When one pictures the West, images of open plains, bison roaming, and cowboys herding cattle may come to mind. All of these things are attributes of the West, but one main figure may stand out above the rest - the wild Mustang.
The Mustang, considered by some to not be its own breed, is one of America's feral horses. The other would be the Chincoteague Ponies of the east coast. The name Mustang originated from the Spanish word mesteno which means "feral beast" or "owner-less". The horse was introduced to America's during the late 1500's when Spanish Conquistador's were exploring Central America. The Mustang perhaps escaped or were let loose by natives and became a part of the New World.
Though typically a small, stock type horse of size ranging from 13-15 hands, the Mustang has over the years interbred with several different horses that were brought over from Europe such as drafts breeds or the Bashkir Curly. Thus making the breed unique by offering so many different traits, sizes, and colors.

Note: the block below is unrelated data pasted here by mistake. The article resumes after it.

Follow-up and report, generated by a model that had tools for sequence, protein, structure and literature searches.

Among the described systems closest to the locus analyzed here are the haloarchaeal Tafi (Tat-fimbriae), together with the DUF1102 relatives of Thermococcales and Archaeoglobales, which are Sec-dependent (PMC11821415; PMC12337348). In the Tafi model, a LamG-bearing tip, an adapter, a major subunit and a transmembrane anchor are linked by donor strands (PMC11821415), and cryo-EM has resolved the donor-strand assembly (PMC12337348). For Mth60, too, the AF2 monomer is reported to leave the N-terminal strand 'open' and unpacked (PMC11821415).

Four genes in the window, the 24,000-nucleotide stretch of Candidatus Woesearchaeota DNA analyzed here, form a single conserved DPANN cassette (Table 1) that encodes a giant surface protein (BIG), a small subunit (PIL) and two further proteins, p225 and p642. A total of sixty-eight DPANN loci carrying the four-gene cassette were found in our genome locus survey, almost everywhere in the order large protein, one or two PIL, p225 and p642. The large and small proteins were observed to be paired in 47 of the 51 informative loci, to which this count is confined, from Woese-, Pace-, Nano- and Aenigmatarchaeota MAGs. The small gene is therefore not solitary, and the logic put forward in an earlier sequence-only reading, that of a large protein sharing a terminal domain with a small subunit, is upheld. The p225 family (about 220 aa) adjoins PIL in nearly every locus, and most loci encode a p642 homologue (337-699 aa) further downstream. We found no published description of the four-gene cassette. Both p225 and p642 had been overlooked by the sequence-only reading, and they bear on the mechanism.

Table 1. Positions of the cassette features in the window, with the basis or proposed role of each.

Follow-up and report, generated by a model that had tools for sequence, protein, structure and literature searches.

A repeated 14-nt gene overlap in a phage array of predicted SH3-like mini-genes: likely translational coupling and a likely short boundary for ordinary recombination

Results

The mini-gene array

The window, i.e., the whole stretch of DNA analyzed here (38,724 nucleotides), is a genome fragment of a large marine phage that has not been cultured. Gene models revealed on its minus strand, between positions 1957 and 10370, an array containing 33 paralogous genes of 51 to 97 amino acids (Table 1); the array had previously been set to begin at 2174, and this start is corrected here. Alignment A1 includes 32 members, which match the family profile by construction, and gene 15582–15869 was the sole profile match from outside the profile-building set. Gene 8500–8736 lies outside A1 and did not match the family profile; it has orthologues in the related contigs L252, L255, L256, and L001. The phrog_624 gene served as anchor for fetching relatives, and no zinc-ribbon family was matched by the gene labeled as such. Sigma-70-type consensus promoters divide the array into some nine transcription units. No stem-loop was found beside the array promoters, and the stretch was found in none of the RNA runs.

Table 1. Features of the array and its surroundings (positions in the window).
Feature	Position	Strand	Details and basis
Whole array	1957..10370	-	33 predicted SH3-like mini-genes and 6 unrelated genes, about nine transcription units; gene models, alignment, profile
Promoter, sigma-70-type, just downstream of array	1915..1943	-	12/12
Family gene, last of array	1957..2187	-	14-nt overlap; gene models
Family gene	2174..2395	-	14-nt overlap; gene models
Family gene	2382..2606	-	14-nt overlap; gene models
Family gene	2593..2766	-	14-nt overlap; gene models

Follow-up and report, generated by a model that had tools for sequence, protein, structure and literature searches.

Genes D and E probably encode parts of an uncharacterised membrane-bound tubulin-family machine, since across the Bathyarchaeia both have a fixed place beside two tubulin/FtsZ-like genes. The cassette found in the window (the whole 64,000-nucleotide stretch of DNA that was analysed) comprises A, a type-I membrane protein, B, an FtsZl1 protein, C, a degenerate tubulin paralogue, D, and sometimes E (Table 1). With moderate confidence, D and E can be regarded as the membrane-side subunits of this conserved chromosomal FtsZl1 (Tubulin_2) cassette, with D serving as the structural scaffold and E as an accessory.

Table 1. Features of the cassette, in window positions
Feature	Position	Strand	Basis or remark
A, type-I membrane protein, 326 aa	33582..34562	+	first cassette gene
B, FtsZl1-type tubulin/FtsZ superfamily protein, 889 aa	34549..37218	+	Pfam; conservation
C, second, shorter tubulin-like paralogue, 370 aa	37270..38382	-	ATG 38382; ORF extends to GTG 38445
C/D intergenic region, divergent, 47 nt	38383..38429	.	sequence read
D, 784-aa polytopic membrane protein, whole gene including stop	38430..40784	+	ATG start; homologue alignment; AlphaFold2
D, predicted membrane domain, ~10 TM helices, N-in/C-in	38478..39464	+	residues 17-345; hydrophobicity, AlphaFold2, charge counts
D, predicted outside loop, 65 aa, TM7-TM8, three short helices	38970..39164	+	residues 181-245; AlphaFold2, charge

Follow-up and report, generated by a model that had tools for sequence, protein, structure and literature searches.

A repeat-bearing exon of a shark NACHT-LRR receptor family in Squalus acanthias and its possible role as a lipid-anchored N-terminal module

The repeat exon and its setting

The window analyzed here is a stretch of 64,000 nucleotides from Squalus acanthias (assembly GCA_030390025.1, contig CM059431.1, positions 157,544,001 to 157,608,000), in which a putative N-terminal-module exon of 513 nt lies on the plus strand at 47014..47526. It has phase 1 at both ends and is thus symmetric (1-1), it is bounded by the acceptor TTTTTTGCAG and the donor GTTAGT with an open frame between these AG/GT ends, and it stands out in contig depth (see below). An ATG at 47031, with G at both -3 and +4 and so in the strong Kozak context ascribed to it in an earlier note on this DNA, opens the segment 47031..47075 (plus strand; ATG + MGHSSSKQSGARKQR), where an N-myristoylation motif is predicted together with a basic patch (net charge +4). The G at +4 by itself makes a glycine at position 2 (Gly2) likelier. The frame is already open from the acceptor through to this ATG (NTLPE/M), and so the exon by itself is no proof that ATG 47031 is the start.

During 1971, after a campaign held in the 1950s led by Velma B. Johnston (also known as "Wild Horse Annie"), Congress passed a bill titled the "Wild Free-Roaming Horse and Burro Act" to protect and manage wild horses. This act was supposed to ban the use of any motor vehicle (of land or air) to round up wild horses. However, today the Mustang's very existence is being threatened once again.
Mustangs are being rounded up off of public lands and placed in holding facilities or being killed all for the sake of making room for cattle grazing on public lands. As of right now, there are far more cattle than wild horses grazing on public lands.
The Mustang is a living symbol of America's history and is worthy of protection. May their legacy continue to unfold.